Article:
A shorter timeline (less than 12 months) can either indicate that we are too optimistic or the scope of the GCM strategy is too basic (or is incomplete). A timeline longer than 36 months could indicate that we are too aggressive and have defined a scope that might represent a bigger bite than we can handle. Also, change is frequent and ever present in today’s work environments: personnel turnover, budget cuts, mergers/acquisitions, and other organizational events can significantly affect the direction of a GCM strategy that covers a timeline much past 36 months. Therefore, I do not recommend a longer timeline for obvious reasons.

Attainability

This concept is a bit more abstract, but it offers a good reality check for our GCM strategy. The captured status quo should allow us to understand the maturity level of our current GCM practices. For example, we might determine that, overall, we can consistently carry out key activities through mostly manual processes. We might lack dedicated resources and automation, but we can at least do it consistently. Let’s say we decide to elevate our GCM practices by adding dedicated staff and upgrading our technologies. However, our attainability assessment might reveal that it would take investments (effort and cost) that we cannot make within a reasonable timeframe and under current budget limitations. As a result, we opt for adding staff for the time being and considering technology investments (automation) in the future.

This simplified example illustrates the concept of maturity levels and its relevance for assessing attainability. There are five maturity levels that we can apply: (1) Reactive, (2) Repeatable, (3) Managed, (4) Optimized, and (5) Transparent. Based on my experience, it is very difficult to leapfrog maturity levels because existing conditions and constraints impose natural barriers that we must first overcome. The reason is that maturity requires time for experience and for measuring success, which cannot be accelerated. Once we overcome identified barriers, gain experience with new business practices and gather evidence that we succeeded, we can tackle the next maturity level.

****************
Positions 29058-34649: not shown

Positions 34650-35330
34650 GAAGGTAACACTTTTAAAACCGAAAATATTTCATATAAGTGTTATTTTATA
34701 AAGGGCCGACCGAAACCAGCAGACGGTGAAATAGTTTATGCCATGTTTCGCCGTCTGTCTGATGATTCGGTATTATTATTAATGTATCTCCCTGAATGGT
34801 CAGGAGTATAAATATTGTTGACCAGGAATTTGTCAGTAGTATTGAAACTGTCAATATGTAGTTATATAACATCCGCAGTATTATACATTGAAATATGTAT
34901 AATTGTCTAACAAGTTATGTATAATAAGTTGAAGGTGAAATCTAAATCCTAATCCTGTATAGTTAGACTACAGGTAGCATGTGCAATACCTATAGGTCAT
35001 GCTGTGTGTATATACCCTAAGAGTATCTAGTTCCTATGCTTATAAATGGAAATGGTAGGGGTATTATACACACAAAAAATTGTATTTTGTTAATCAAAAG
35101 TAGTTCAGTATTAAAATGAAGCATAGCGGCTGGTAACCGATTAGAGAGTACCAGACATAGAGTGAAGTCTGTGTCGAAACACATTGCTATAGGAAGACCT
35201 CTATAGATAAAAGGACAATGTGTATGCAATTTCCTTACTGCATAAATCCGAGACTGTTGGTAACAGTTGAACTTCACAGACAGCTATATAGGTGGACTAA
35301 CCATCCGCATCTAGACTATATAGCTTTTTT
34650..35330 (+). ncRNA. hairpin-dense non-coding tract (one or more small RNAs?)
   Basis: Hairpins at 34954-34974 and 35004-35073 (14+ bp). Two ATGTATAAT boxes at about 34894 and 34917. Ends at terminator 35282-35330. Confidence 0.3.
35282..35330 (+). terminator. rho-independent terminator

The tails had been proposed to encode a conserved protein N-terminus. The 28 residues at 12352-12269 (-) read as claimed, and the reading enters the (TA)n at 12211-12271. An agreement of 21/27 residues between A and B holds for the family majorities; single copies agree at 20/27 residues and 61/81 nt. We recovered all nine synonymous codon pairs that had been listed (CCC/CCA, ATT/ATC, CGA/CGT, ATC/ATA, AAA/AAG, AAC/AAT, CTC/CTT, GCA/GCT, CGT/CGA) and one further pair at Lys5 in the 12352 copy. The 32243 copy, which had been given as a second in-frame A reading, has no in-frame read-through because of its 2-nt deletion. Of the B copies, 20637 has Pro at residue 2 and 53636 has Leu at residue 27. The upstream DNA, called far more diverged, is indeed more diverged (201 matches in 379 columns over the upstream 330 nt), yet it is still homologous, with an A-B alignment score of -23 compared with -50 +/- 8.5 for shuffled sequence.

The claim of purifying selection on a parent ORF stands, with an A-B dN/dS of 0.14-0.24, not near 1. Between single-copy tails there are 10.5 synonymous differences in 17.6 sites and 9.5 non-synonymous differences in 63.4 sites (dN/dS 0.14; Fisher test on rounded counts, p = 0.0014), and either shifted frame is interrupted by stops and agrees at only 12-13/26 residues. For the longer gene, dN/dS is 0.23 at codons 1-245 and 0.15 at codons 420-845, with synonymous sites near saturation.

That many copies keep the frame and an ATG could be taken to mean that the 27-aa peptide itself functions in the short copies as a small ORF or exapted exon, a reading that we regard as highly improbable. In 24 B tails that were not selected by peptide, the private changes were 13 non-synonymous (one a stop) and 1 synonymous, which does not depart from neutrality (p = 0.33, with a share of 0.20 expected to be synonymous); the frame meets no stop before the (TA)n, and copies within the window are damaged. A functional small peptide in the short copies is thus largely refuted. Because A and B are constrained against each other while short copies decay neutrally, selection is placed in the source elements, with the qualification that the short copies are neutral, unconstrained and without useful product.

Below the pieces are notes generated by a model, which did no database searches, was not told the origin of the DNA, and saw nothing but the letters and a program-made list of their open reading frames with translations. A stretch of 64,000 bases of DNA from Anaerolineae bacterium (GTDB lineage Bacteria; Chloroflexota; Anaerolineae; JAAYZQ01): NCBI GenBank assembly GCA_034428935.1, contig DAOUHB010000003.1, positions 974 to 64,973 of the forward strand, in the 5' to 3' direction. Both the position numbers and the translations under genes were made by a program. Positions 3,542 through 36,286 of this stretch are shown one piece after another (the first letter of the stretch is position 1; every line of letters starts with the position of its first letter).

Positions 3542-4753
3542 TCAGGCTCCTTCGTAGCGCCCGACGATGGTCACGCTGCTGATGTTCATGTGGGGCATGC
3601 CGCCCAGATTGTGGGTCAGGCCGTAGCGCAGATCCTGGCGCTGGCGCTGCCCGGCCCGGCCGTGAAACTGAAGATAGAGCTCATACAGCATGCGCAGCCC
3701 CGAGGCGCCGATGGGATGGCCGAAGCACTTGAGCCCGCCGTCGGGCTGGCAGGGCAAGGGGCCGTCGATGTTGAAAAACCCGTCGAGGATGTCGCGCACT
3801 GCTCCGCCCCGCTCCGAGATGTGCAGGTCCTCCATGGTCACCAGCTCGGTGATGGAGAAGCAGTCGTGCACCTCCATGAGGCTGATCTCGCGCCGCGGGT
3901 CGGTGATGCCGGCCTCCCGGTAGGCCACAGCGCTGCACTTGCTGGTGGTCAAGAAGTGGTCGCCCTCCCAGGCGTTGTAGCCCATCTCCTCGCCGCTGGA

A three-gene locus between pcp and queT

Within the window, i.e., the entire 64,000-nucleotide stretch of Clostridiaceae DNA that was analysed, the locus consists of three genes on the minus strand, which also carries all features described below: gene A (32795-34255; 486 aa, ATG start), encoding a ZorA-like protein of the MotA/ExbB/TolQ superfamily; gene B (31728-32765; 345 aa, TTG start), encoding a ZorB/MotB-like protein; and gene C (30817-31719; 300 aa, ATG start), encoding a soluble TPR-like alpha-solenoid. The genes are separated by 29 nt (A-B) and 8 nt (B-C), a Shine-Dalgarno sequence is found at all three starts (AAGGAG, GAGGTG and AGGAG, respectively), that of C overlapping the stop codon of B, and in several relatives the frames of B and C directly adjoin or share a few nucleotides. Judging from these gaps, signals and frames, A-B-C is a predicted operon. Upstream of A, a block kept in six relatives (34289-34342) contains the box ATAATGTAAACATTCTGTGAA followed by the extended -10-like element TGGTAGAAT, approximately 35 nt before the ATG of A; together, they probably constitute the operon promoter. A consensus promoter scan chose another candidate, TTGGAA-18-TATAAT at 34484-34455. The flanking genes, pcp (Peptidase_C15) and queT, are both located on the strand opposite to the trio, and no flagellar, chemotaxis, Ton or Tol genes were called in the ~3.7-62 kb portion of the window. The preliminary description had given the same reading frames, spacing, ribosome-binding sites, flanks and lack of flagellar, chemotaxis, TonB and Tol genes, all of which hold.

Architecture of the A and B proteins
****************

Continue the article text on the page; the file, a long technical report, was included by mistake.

Finish Line

A finish line is a final destination or endpoint that we are trying to reach. One could say that once we achieve all defined goals, we have crossed the finish line. However, this is only part of what a finish line should tell us. A finish line should also provide a clear picture of our improved work environment. There are two parts to a finish line: (1) The initial definition prior to implementation of improvements and (2) a final assessment after implementation. The initial definition is a summary of the identified key improvements and their anticipated impact. The final assessment is a confirmation of whether and to what degree we have achieved the desired outcome. To make the final assessment more tangible, we must also qualify and/or quantify the actual impact to understand the net gain.

Conclusion

A good GCM strategy should contain these basic elements to ensure a robust execution and enable a defined, positive outcome. The suggested five elements are universal and help formulate a GCM strategy that can accommodate any situation regardless of organizational size, type, and need.